A few days ago, I found out that an article I wrote for DH had been cited as a source in an FSU grad student's dissertation. I laughed as I told one of my friends about it, and he responded, "It must be gratifying to be included in someone's dissertation." I thought about that for a while, percolated on it for a couple of days, and came to the conclusion that, yes, I guess it was, in a way, gratifying. I probably wouldn't have told him about it if I wasn't somewhat thrilled--if not equally bewildered--by the notion. But in the grand scheme of things... is "gratified" really the right term to describe how I felt?
It's not like I'd set out to be cited. It's not like I gained any sort of fulfillment from it. I wasn't able to cross it off a bucket list, because it's not something I'd have thought to write down.
That got me thinking about real gratifying moments in my life, achievements realized through hard work, dedication, and tenacity. Then I thought about moments that were totally unplanned, but still "gratifying".
1. My weight loss. I lost 70 lbs after discovering that I had insulin resistance. This was no easy feat, and ultimately came down to diet and exercise. Also, I did it slowly so as to keep the weight off.
2. My kids. They aren't "completed projects", so to speak, but they are amazing and teach me a lot *cough* about patience and unconditional love. *cough* Just kidding...sort of. Gavin teaches me that hugs are infinitely more effective than words. Elayna teaches me to be sensitive to the feelings of all God's creatures. (Stuffed animals included. But spiders excluded.)
3. There are articles I've written that have inadvertently helped families adopt children or raise money for mental health care. Some pieces support causes from civil literacy to sports teams for children with disabilities. My articles have accidentally lead to funding a set of Shakespeare resource books for a junior high teacher or a couple of laptops for a debate team. While I never expected to be able to affect someone's life--as I'm only a faceless byline with a crappy laptop and a wide-eyed sense of curiosity--I would count these moments as gratifying, because somehow collecting data and information, conducting interviews, and typing it all up helps people.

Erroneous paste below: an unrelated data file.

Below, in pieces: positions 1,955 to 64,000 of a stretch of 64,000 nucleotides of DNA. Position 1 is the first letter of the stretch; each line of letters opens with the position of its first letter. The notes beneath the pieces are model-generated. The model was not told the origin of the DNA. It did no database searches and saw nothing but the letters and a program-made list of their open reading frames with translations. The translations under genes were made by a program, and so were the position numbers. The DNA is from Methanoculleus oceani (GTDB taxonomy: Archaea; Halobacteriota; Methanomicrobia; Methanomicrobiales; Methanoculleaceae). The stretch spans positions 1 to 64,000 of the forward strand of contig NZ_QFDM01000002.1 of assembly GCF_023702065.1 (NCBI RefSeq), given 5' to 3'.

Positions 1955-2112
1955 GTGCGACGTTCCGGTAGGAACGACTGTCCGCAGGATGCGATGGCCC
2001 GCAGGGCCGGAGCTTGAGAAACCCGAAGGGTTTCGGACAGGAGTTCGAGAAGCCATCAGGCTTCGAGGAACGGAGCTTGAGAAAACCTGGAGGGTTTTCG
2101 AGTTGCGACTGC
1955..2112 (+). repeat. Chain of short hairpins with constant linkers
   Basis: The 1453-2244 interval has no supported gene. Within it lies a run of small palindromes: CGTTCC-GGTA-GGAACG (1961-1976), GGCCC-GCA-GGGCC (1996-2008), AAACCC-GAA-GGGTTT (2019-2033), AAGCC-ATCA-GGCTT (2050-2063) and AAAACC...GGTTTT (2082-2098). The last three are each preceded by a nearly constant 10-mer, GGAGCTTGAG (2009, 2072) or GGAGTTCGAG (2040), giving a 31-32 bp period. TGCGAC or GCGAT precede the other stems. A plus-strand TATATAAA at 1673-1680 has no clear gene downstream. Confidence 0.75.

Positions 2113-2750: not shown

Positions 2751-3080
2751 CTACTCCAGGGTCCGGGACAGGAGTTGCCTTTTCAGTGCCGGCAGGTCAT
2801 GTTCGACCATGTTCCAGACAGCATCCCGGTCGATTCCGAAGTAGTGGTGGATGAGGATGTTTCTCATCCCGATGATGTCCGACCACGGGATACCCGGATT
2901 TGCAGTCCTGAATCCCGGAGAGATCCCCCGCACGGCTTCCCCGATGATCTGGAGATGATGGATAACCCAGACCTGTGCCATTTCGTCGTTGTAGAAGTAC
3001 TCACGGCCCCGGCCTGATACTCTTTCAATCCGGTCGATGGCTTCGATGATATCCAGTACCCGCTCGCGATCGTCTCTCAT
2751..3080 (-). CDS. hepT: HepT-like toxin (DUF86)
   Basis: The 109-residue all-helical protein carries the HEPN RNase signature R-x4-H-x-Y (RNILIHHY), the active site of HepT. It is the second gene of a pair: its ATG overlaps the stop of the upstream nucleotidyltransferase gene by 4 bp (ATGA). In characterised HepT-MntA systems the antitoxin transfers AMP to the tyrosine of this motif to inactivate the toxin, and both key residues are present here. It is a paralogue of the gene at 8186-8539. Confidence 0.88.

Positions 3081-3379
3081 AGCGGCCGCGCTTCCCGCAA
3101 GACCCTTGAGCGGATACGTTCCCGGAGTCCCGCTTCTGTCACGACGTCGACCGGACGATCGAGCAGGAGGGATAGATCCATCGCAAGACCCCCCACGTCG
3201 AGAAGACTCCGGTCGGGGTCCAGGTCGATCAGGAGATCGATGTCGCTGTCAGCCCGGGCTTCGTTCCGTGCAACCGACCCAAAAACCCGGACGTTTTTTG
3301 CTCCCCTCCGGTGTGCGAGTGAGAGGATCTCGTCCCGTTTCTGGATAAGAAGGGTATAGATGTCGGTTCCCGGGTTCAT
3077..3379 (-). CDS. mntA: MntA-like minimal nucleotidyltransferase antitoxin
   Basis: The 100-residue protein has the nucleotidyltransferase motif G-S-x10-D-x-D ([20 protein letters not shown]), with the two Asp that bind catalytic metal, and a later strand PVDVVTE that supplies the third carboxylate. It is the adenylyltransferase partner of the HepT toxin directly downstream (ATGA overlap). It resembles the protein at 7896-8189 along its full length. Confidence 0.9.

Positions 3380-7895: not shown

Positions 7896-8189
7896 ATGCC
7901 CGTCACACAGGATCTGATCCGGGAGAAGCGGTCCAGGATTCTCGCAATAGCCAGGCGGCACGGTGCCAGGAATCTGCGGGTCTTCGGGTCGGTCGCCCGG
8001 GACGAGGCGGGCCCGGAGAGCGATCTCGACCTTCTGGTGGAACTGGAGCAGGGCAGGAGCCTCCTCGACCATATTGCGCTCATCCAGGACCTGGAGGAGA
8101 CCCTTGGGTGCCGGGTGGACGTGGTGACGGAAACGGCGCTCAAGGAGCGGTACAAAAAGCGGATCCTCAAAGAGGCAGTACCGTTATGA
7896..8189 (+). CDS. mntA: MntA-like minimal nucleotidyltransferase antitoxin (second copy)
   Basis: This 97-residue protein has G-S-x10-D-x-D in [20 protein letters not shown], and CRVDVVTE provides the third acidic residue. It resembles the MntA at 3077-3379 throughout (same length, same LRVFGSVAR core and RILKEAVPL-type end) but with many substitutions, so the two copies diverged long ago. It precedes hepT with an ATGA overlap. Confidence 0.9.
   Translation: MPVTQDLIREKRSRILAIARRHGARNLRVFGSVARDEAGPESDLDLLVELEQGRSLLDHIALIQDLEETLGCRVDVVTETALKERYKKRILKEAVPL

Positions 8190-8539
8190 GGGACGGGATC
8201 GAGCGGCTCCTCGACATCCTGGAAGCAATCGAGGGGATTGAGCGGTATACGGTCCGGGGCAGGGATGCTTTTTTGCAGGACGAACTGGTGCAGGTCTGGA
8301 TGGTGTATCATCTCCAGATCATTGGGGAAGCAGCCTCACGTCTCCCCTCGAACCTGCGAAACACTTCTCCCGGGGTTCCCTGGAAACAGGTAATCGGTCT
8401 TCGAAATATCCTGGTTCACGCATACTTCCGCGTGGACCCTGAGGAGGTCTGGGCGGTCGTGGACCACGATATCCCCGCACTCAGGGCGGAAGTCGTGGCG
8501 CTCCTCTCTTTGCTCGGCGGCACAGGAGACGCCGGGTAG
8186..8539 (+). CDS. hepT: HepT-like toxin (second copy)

4. Students and parents taking the time to say thank you. Being a teacher is unbelievably draining and without moments of gratitude, most of us wouldn't last. We wear compliments like badges on our hearts. Also, a student who applies what she learned in class is more valuable to a teacher than a crystal apple for recognition.
5. "Gratified" doesn't begin to describe how elated I get when people praise my creative writing. That is when I really wanna high five myself and say, "See, you can do this."
6. Running my first 5K, and the dozen or so since then. Running 13 races this year just because I want to.
I could go on and on--editing UEJ, publishing One-Armed Freak, learning how to snowboard, holding on to my relationship with God despite the overwhelming tempests over the decade, getting into grad school, overcoming sexual abuse--but the trend I see in these gratifying moments relates to improving the mind, health, and soul of myself or others. It has less to do with academic praise or golden statues and more to do with service. I thank God for all of these opportunities and for my life.
What are some of your most gratifying moments?
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